Sack more teachers' was the ritual call from the Public Accounts Committee's report on improving literacy and numeracy achievement in schools and the subsequent Assembly committee debate.
Gratuitous attacks on 'bad teachers' are ill-advised and miss the point regarding factors that produce excellent education systems.
There is little doubt that Northern Ireland has a high-quality teaching workforce. Selection to our teacher-training institutions remains competitive.
We export more teaching talent than is desirable, with locally trained teachers in great demand. While professional development for teachers is poorly resourced, my experience is that there are very few 'bad apples' in the system.
Unions and employers have recently agreed a capability procedure to better support the small number of underperformers. This includes appropriate sanctions. But to beat up the profession for systemic deficiencies misses the point.
All the research tells us that educational performance differentials are made up – to a degree of 85%, – from factors outside class. These include parental involvement, community and home learning environments but, by a factor of 10, social class counts most.
Class is the key performance differential, period. This is undisputed.
Bluntly, the best-performing education systems are in the most equal societies. And in these systems, schools with socially balanced intakes are the norm.
The 'peer effect' is vital for disadvantaged pupils. For a young person, the key influencer is someone who looks the same and shares the same interests, but who, critically, has different learning aspirations. Nothing comes close as an influencer.
At best, the 'classroom effect' can "make up" 10-15% of performance differentials.
The scale of our social segregation is chastening. The 2012 OECD report placed the UK last of 34 developed countries on the measure of social segregation in education.
We have the most socially segregated education system in the developed world. Considering our deeply segregated post-primaries, Northern Ireland is hardly likely to be better that the UK average. The PAC does not remark upon this. Why?
Social segregation affects systemic performance. Our system, measured by 2012 international comparisons at Primary 6 in Maths and English, is the best-performing in the English-speaking world.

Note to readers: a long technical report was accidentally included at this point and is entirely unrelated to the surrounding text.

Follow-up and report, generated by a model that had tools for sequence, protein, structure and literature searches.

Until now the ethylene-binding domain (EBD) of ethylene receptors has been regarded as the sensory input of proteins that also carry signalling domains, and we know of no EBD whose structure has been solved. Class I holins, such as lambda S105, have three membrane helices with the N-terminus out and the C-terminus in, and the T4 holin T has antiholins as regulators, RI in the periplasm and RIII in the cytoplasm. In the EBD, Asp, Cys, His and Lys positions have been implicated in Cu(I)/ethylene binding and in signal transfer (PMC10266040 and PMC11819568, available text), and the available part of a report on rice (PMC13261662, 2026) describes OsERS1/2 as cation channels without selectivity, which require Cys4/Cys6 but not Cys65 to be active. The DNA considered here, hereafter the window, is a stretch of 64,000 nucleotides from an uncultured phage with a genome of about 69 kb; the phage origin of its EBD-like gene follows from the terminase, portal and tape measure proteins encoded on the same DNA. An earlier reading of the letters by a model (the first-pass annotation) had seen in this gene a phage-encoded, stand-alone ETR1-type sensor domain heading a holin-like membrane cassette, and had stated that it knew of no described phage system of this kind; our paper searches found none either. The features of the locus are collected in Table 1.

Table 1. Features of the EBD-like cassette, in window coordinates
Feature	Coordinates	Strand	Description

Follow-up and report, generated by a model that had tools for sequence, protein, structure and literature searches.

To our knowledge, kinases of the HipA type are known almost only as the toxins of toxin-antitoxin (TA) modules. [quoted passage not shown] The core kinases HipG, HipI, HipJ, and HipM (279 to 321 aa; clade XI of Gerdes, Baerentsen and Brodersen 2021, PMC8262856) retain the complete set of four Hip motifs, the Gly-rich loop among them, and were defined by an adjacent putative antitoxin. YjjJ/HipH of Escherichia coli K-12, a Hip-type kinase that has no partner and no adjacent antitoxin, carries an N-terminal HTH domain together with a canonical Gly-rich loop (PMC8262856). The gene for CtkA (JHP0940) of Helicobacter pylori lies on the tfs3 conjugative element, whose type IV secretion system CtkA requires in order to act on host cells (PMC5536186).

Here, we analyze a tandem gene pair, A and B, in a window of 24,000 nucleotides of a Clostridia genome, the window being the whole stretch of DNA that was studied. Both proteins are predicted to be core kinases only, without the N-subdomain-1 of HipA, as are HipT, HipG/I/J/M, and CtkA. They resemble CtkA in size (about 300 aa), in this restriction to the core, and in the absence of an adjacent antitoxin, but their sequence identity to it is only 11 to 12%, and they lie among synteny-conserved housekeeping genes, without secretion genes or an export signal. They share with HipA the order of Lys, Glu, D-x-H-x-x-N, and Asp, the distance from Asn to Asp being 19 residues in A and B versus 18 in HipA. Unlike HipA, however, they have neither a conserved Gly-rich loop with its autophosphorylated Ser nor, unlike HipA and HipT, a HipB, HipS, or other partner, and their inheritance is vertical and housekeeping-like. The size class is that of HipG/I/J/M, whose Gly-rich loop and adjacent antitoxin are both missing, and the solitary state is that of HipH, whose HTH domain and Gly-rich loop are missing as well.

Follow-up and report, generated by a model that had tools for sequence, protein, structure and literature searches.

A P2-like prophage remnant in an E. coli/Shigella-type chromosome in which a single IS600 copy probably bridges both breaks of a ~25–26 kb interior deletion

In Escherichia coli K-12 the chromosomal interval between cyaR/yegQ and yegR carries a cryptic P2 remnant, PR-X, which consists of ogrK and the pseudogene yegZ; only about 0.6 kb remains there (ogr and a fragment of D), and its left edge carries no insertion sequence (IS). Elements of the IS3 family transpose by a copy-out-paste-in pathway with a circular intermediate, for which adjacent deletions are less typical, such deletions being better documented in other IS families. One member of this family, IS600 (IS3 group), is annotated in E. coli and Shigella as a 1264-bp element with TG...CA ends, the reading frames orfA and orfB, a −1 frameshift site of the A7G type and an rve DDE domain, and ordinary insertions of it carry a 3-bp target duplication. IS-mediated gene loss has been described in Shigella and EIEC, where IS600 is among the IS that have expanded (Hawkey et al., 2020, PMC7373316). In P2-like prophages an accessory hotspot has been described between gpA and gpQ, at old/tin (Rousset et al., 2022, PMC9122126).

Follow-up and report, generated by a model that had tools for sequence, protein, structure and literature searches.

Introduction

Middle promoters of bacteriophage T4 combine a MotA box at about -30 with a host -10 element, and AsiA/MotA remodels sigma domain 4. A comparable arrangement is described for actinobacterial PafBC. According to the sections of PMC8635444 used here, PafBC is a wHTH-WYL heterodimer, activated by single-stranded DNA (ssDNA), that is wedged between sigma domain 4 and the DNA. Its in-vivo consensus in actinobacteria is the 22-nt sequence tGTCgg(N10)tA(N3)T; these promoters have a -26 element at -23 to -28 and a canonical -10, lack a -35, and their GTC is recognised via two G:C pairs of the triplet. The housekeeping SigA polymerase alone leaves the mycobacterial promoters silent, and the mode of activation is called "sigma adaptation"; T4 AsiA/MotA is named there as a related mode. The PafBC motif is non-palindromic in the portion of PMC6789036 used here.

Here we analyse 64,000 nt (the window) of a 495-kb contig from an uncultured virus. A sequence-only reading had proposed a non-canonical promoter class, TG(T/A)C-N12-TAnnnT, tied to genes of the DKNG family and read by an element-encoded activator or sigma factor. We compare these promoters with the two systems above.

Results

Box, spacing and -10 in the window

Stop and think. At primary level, where, in most schools, the intake is socially mixed, we do very well. Within more socially segregated post-primaries, the gap widens. To paraphrase Bill Clinton, "Duh, it's the segregation, stupid."
The PAC makes much of inspection. Recent Association of Teachers and Lecturers' research demonstrates a deep-rooted class bias.
Within recent ETI inspections, socially deprived schools are four times more likely to get worst inspection grades. Schools from the most advantaged band are twice as likely to get best inspection grades.
Inspection is seen by many teachers as a reductivist exercise, narrowly focused on interpreting vast pre-inspection data-dumps, with grades largely pre-determined. This is not to say teaching doesn't matter. Inspirational teachers matter a great deal. Teachers should be encouraged, supported – even cajoled – to improve performance.
Let's not kid ourselves, however, that great teaching can wish away the vast social imbalances.
Tackling socially imbalanced intakes has little political traction, as politicians will always back off the holy grail of parental choice.
The PAC report highlights the wide variation in results achieved by schools of similar intakes. This, indeed, is worthy of serious investigation, but is a mere sub-set of the wider problem.
PAC chair, Michaela Boyle, rightly called for action to ensure that children from poorer backgrounds were not left behind. I agree.
The starting point in helping disadvantaged pupils is in addressing the grotesque social imbalances in school pupil intakes. Faced with the scale of this, dissing teachers is mere displacement activity.